Islamist militant Mokhtar Belmokhtar
Islamist militant Mokhtar Belmokhtar has been killed by Chadian soldiers in Mali, Chad's armed forces say.
His death was announced on Chadian state television but has not been confirmed by other sources, reports the BBC.
Mokhtar Belmokhtar is a former al-Qaeda leader said to have ordered January's attack on an Algerian gas plant where at least 37 hostages were killed.
Chadian troops are fighting Islamist militants in Mali as part of an international force led by France.
"Chadian forces in Mali completely destroyed the main jihadist base in the Adrar de Ifhogas mountains... killing several terrorists including leader Mokhtar Belmokhtar," the army statement on Chadian TV said.
Weapons, equipment and 60 vehicles were seized, it added.
This is the second big claim in two days coming from Chad. First Abu Zeid, now Mokhtar Belmokhtar. There is no other confirmation that these two top jihadi commanders have been killed.
President Deby is probably keen for a reward after he sent nearly 2,000 soldiers to the front line. But certainly the Chadians are well aware that such reports won't go unnoticed. Abu Zeid is known as the most ruthless al-Qaeda field commander in the region - he is believed to have executed at least two European hostages in recent years. Mokhtar Belmokhtar claimed responsibility for the spectacular attack on a gas facility in Algeria in January.
If confirmed, their deaths won't mean the war in Mali is over, but it will certainly be a big loss for jihadi fighters hiding in the mountains bordering Algeria. The French army doesn't even know how many fighters they are up against there. More worrying is the fate of several foreign hostages who are believed to be in the two men's custody.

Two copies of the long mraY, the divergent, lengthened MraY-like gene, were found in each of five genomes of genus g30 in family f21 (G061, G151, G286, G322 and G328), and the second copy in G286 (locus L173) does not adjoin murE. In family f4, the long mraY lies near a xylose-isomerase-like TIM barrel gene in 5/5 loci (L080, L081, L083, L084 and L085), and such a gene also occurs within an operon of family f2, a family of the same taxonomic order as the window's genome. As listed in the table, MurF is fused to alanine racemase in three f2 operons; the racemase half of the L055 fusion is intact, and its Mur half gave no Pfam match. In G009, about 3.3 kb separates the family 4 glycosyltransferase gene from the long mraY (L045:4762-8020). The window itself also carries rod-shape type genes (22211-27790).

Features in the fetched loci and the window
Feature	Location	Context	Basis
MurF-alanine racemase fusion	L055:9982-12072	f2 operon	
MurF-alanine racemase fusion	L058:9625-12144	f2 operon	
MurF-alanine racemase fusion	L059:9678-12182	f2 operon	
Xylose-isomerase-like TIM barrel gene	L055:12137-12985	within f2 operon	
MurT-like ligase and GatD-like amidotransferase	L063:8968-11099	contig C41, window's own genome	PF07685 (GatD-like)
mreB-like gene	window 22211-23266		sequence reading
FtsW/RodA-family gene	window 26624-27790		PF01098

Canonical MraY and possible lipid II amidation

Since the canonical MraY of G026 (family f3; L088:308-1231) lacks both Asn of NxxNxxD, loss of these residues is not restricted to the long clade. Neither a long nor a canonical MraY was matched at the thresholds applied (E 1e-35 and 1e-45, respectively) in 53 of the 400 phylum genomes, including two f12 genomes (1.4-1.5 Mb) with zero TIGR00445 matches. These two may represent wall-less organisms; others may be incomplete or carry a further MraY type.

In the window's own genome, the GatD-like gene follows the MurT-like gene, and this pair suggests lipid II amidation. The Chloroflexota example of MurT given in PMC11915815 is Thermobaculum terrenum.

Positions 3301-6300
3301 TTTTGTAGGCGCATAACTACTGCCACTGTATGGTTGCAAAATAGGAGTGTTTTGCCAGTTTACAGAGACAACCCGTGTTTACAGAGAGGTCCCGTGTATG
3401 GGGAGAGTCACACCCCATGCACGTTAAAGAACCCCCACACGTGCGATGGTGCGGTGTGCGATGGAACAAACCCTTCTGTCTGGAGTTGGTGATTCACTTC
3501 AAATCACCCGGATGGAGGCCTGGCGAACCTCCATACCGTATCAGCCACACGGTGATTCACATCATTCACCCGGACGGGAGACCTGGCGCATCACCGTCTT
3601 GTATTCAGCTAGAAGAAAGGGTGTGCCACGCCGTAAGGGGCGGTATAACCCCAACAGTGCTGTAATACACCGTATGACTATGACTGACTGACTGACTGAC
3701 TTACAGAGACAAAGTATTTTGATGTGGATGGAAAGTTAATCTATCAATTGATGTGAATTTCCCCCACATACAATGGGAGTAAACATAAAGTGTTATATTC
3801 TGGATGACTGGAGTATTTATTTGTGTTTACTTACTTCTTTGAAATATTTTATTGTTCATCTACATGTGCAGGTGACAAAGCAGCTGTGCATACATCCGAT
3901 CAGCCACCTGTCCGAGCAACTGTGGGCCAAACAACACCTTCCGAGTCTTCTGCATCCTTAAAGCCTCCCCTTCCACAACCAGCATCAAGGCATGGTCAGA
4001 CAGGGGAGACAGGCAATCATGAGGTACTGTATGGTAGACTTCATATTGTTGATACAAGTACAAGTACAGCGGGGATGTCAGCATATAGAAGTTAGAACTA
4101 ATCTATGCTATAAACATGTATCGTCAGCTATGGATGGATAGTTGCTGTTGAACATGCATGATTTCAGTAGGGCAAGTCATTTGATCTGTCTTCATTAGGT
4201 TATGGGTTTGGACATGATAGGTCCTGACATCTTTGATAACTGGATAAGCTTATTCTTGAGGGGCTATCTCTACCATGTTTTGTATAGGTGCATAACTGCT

If confirmed, the death would be a major blow to Islamist militants in Mali, the BBC's West Africa correspondent Thomas Fessy says.
Reports of the killing came a day after Chadian President Idriss Deby said the country's forces killed al-Qaeda militant Abdelhamid Abou Zeid during clashes in northern Mali.
Abou Zeid - whose death is still to be confirmed by DNA evidence - is said to be second-in-command of al-Qaeda in the Islamic Maghreb (AQIM), which is fighting foreign forces in Mali.
The French military - which is leading the military offensive in northern Mali - has not confirmed either death.
On Friday French President Francois Hollande said the operation was in its final stages.
Islamist militants took refuge in the remote mountains in northern Mali, close to the Algerian border, after being forced out of the main towns and cities by French troops backed by jets and helicopters.
Mali's army and troops from several African countries have also been involved in the fighting.
Islamist rebels took control of northern Mali a year ago after a military coup in the capital Bamako, in the south.
France intervened militarily in January amid fears they were preparing to advance on Bamako.
Algerian-born Mokhtar Belmokhtar has been fighting as an Islamist militant for more than two decades.
He claimed to have received military training in Afghanistan before returning to Algeria, where he lost an eye fighting in the Islamist insurgency in the 1990s.
He then joined AQIM - which operates across the Sahara - before breaking off to lead his own group.
The attack on the In Amenas gas plant in Algeria - which he claims he was behind - was his group's first large-scale armed attack.
He is also known as "Mr Marlboro" because of his alleged role in cigarette smuggling in the region.
Mokhtar Belmokhtar and Abu Zeid have also been involved in numerous kidnappings.
If confirmed, their deaths raise concerns about the fate of several foreign hostages believed to be in their power, our correspondent says.